Sketch of happy hosting with email and website separate

Pros and cons of hosting your email and website together

If you’re getting started with a new website it’s likely you’ll want a custom email address to go with it. Or perhaps you just want to get going with a unique email address (even if you don’t want a website yet). In either case, it looks so much more professional to have an email address that uses your business name!

In this article I look at how to get started and why it may be preferable to host your email away from your website.

Register your preferred domain

The first thing to do, if you haven’t already, is to register your domain. My article here on What domains do I need? will help you make the best choice of domain. In addition I recommend you read 10 things to know about buying website domain and hosting together, as it may not be a particularly good idea to purchase website hosting with your domain seller.

Assuming you already know what email addresses you need, you next have to choose where you host them.

The pros of hosting email with your website

There are some pros to hosting your email account in the same place as your website.

1. One login to remember, one company billing you

Clearly one supplier means you’ll have one place to go to administer both your website and email. You’ll have a single control panel, one login and one interface to learn your way around. That certainly makes life easier!

2. You only need one support team

If you are using a digital agency or website hosting support to help maintain your website they would also be able to help you with your mailboxes. That can be really useful as that team can help you set up your email account on your devices: on your phone, ipad, laptop or desktop. It’s nice to know that you’ve only got one port of call to get support for any problems with your email as well as your website.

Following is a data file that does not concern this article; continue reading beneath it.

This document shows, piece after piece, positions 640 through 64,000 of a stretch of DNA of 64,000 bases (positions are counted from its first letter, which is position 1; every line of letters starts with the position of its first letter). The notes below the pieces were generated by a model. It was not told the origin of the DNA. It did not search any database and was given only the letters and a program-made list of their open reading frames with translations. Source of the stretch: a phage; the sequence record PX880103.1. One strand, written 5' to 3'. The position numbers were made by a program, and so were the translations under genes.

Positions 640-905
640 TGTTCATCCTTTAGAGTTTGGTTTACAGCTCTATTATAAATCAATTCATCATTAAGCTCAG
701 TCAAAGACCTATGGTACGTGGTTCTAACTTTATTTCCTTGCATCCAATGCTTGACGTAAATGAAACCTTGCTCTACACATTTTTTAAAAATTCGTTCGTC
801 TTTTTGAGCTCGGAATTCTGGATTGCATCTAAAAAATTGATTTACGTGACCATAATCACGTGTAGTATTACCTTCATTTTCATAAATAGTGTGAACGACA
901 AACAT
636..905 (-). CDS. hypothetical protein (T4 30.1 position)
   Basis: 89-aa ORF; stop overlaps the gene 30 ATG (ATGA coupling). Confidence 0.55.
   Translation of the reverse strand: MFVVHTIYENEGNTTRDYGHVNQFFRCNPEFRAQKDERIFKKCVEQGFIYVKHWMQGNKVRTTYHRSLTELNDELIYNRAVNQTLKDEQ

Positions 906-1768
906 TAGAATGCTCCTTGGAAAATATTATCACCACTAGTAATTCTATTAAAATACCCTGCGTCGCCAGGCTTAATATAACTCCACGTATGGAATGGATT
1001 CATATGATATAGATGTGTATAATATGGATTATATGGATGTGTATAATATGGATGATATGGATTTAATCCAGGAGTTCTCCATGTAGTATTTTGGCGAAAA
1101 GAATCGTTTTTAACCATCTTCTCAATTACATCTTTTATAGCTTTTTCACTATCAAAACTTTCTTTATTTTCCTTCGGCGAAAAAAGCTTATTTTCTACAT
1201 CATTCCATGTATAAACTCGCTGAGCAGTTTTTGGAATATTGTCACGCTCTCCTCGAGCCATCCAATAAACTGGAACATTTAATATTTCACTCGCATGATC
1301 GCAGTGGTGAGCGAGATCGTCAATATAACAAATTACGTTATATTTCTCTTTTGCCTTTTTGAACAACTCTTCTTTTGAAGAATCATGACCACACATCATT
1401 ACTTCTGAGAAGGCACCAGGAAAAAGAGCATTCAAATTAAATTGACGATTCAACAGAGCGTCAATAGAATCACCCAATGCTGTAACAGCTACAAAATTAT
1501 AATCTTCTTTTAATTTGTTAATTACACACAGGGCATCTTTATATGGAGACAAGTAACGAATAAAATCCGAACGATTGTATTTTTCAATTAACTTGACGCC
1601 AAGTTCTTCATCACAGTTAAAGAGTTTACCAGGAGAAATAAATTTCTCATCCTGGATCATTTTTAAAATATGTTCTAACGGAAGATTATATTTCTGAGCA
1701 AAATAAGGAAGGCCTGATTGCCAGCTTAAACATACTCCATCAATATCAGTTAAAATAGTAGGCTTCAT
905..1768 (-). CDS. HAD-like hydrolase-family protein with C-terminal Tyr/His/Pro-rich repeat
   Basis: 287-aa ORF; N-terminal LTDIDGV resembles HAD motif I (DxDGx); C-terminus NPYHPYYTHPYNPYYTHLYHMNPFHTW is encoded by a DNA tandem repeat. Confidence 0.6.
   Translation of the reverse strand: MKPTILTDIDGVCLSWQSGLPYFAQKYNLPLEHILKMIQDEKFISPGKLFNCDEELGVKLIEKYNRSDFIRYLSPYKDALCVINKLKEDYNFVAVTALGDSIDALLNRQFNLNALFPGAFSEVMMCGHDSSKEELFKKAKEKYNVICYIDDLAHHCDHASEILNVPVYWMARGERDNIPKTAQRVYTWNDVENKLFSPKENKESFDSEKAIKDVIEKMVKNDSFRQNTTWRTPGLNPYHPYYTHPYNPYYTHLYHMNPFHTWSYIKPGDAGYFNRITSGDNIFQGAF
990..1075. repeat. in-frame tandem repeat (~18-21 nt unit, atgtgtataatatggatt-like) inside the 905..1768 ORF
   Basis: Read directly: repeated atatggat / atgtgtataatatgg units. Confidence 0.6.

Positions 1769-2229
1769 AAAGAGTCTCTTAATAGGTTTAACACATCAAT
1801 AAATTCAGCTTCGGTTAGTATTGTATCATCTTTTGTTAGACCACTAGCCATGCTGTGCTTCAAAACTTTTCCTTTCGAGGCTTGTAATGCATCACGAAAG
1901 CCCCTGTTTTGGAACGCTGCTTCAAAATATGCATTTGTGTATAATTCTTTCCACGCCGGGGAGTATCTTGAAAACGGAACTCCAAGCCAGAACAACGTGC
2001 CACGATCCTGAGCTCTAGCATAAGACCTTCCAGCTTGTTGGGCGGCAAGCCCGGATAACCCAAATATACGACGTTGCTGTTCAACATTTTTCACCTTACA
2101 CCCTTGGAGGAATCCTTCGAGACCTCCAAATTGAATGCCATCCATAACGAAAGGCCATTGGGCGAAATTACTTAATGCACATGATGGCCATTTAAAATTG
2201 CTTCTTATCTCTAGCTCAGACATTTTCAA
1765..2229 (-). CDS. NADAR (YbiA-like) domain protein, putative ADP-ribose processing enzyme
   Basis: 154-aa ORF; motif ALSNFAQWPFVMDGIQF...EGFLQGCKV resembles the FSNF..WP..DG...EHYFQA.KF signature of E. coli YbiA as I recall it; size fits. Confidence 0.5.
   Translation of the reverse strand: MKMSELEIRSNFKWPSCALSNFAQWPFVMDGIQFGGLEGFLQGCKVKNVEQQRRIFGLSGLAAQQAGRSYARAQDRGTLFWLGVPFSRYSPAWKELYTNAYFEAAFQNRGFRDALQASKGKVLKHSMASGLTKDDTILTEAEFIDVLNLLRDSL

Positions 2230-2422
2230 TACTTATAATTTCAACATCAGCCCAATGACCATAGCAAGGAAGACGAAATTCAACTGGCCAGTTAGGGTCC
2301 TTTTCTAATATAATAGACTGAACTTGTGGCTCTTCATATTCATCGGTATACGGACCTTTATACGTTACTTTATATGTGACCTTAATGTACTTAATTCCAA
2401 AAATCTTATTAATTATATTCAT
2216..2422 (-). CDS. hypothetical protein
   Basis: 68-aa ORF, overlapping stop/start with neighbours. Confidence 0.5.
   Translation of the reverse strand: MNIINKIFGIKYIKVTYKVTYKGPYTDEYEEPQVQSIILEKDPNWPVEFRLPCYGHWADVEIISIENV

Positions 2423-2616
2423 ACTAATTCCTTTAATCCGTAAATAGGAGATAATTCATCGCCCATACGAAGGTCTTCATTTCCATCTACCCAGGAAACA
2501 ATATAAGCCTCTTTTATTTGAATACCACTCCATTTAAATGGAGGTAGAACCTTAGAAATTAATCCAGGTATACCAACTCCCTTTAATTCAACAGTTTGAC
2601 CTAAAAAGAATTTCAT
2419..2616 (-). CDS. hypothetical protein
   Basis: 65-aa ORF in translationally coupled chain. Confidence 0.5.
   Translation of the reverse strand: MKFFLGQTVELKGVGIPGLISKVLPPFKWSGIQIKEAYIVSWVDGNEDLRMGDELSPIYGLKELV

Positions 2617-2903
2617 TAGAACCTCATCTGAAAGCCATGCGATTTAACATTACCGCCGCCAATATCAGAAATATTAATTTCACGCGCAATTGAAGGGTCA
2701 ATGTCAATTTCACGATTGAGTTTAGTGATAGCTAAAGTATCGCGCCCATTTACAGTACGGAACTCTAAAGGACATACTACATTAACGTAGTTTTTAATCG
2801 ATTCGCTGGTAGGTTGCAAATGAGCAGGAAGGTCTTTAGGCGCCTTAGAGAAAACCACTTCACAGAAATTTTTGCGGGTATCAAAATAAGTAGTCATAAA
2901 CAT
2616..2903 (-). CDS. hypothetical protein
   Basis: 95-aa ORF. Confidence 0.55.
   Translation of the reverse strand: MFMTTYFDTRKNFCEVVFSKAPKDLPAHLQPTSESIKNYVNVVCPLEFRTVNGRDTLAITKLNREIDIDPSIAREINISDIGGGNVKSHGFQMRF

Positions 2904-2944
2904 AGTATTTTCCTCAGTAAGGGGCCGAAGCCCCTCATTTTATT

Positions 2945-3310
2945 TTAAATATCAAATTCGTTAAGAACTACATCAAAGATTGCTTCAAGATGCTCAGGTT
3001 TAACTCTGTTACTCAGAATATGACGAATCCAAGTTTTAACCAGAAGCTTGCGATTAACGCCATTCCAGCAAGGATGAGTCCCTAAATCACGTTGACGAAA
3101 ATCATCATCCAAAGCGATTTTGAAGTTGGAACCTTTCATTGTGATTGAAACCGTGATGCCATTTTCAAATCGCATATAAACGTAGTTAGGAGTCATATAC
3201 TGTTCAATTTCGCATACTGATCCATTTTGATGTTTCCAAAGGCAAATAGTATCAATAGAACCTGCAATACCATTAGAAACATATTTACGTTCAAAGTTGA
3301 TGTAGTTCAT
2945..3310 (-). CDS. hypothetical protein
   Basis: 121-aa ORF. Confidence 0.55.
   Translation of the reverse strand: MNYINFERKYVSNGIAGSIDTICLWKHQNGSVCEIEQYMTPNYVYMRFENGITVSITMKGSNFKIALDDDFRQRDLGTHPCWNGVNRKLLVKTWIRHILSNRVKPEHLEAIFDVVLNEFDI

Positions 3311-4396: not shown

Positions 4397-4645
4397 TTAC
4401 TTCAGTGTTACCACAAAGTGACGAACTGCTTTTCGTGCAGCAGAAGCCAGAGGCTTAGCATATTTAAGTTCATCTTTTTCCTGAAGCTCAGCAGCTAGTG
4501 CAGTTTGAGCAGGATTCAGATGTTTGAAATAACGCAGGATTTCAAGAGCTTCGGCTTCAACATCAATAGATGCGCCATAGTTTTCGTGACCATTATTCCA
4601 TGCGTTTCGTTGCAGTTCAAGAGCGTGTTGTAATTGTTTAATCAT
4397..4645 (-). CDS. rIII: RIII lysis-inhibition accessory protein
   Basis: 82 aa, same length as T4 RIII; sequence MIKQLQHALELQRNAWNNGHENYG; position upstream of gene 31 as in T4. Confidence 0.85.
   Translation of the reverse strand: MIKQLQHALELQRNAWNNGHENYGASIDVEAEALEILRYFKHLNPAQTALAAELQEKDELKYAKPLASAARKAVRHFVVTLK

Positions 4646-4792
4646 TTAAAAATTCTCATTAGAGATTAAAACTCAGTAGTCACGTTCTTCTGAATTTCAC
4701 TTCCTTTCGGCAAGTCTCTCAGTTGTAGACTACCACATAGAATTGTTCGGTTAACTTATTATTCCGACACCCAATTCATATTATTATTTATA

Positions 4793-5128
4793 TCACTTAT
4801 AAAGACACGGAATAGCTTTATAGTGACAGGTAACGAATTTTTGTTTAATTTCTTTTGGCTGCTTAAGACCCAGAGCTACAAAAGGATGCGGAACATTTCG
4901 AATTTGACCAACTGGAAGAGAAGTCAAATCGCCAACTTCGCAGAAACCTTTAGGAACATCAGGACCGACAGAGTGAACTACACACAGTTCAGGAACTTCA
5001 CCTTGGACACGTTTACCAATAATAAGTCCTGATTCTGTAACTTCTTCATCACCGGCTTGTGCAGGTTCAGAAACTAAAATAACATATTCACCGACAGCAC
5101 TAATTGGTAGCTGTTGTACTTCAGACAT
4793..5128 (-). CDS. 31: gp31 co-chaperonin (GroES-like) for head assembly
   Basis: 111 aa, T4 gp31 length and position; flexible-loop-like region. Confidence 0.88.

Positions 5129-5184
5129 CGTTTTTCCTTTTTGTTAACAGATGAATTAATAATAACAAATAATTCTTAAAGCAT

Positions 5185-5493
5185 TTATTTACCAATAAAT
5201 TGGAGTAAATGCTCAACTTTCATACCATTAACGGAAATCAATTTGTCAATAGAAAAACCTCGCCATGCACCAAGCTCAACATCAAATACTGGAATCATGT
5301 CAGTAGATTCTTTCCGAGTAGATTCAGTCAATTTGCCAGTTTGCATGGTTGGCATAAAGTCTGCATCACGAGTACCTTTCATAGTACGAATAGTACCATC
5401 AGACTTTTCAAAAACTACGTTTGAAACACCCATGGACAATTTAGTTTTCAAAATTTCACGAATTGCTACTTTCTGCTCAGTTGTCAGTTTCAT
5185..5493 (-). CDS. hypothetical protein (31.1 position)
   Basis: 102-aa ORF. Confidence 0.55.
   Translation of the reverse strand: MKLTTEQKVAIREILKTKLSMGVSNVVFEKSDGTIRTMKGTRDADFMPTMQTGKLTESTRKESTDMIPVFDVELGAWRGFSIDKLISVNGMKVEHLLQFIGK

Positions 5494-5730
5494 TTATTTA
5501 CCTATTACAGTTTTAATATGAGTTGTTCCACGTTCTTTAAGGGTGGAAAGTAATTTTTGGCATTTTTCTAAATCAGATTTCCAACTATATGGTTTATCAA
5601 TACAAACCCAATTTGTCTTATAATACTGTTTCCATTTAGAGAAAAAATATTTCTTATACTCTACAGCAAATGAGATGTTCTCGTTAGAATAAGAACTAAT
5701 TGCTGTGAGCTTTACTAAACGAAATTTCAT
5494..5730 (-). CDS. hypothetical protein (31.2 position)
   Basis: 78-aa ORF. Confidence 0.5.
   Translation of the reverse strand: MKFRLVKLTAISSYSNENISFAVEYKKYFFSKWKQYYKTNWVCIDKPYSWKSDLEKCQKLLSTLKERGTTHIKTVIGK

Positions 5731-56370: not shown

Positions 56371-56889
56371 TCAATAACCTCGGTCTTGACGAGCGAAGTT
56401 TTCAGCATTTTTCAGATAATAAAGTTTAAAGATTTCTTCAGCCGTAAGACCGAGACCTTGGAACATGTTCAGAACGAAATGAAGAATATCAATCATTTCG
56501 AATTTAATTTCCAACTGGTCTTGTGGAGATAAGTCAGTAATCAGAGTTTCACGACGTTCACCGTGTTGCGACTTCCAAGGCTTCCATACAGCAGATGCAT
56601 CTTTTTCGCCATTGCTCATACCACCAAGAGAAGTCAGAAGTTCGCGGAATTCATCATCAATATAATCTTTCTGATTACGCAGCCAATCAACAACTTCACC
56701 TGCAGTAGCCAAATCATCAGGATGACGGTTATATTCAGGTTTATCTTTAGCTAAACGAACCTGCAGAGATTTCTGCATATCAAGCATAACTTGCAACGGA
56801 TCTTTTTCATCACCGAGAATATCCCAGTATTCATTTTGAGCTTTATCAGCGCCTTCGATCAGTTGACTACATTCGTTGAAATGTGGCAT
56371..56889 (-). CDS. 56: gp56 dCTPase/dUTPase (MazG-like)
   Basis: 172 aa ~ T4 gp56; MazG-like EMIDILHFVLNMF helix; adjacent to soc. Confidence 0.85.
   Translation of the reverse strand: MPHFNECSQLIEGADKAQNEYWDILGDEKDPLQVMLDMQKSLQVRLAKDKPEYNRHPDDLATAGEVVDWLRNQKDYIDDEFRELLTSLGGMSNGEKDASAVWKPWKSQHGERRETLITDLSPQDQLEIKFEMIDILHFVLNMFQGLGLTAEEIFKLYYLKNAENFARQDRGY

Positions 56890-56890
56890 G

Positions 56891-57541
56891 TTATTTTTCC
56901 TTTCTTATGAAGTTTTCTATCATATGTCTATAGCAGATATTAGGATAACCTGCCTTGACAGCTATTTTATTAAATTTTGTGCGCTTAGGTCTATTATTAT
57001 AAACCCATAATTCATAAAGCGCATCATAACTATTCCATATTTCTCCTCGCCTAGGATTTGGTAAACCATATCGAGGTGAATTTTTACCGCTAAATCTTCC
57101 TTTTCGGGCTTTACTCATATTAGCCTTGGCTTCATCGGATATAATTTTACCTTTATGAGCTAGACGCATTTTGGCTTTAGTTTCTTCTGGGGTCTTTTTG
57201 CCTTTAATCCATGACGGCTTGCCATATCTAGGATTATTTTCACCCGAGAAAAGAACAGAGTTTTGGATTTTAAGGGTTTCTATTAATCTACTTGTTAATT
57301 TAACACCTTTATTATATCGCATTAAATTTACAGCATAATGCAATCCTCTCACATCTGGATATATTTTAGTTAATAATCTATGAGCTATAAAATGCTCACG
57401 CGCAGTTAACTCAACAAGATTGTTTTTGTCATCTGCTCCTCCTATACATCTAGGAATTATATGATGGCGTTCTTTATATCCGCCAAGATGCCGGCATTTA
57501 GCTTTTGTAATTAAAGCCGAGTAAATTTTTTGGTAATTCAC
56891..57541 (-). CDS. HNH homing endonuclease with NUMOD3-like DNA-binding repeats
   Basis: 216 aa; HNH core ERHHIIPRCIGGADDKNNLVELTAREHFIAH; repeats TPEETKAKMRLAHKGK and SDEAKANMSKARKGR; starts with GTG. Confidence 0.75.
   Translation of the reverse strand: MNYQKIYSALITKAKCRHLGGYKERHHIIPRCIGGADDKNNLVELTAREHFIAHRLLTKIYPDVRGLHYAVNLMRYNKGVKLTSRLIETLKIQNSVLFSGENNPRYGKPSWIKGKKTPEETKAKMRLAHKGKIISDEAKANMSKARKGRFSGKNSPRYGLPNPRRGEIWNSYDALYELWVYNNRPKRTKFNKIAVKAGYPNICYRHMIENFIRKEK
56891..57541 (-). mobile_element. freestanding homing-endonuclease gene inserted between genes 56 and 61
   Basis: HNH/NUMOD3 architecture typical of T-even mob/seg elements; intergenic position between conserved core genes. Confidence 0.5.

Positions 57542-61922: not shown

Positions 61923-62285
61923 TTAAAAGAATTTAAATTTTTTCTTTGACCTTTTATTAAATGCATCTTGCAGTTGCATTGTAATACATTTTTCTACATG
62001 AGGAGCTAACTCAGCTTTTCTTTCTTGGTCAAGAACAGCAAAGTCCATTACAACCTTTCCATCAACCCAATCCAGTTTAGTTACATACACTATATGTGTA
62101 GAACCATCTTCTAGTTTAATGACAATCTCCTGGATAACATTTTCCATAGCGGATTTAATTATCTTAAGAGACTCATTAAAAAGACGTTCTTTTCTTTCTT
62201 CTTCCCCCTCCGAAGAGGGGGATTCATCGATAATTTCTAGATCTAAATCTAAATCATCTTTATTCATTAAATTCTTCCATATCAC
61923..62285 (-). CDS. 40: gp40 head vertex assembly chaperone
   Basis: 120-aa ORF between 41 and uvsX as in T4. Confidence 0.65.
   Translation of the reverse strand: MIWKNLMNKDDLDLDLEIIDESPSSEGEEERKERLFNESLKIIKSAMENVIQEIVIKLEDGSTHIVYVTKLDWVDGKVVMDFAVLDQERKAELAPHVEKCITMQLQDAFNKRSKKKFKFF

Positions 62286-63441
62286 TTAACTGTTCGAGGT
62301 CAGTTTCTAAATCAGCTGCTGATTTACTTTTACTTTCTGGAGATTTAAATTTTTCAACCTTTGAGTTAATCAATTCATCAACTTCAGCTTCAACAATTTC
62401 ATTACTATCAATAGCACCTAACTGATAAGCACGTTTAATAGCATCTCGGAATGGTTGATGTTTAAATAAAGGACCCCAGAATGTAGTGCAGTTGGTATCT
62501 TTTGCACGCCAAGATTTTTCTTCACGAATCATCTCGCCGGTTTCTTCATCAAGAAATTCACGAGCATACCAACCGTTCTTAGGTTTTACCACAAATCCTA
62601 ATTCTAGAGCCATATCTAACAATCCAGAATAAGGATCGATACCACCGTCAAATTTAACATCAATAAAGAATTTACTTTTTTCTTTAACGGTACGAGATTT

3. It’s cheaper

You will save money if you host your email with your website provider, especially if your host bundles the two together as one price. Make sure you have enough space in your package to cope with the demands of a busy mailbox and website. We have had a good experience using Unlimited Web Hosting for five years now. There are no limits to mailbox sizes in their cloud hosting packages. Their support is all online, but generally pretty fast and efficient.

The cons of hosting email with your website

Sketch of happy hosting with email and website separate

Firstly, you are not likely to get the best quality email service with a standard hosting package. See below for some tips of what to look for, but a more concerning downside are the risks if things go wrong

1. Yikes! Your website gets hacked

If your website is hacked and your email is using the same hosting account, then the hacker may well be able to access your email through your hosting control panel. You might be susceptible to hacking if you don’t have any security on your website. A hacker might find a weakness or vulnerability that gives them an entry to the back end of your website and from there to the server, where your emails can be found.

At the very least you need to make sure your website is protected from hackers with adequate security. And also check with your host to see what security they have in place against such a scenario.

2. Oh no! Your email account is hacked.

If your email account is hacked and your account is used to send spam, then you may find that very quickly your hosting provider suspends your hosting account. If your website is hosted in the same place, then everything will get shut down at least temorarily. This is bad news, but potentially very serious for an ecommerce operation.

Make sure that wherever you are connecting to your email – phone, tablet, computer – you have reputable anti-virus security installed and kept up-to-date to help prevent this.

3. No email when you need email the most!

If, for example, your hosting is shut down because of an incident of hacking or sending spam, you might find there’s an added problem. The email address you use to correspond with your customers, your team and the web host itself, is out of action. Nightmare complication. Usually in that situtation you’ll need to get on the phone with your web host to help resolve the issue, or use a personal email address to deal with that correspondence if you can.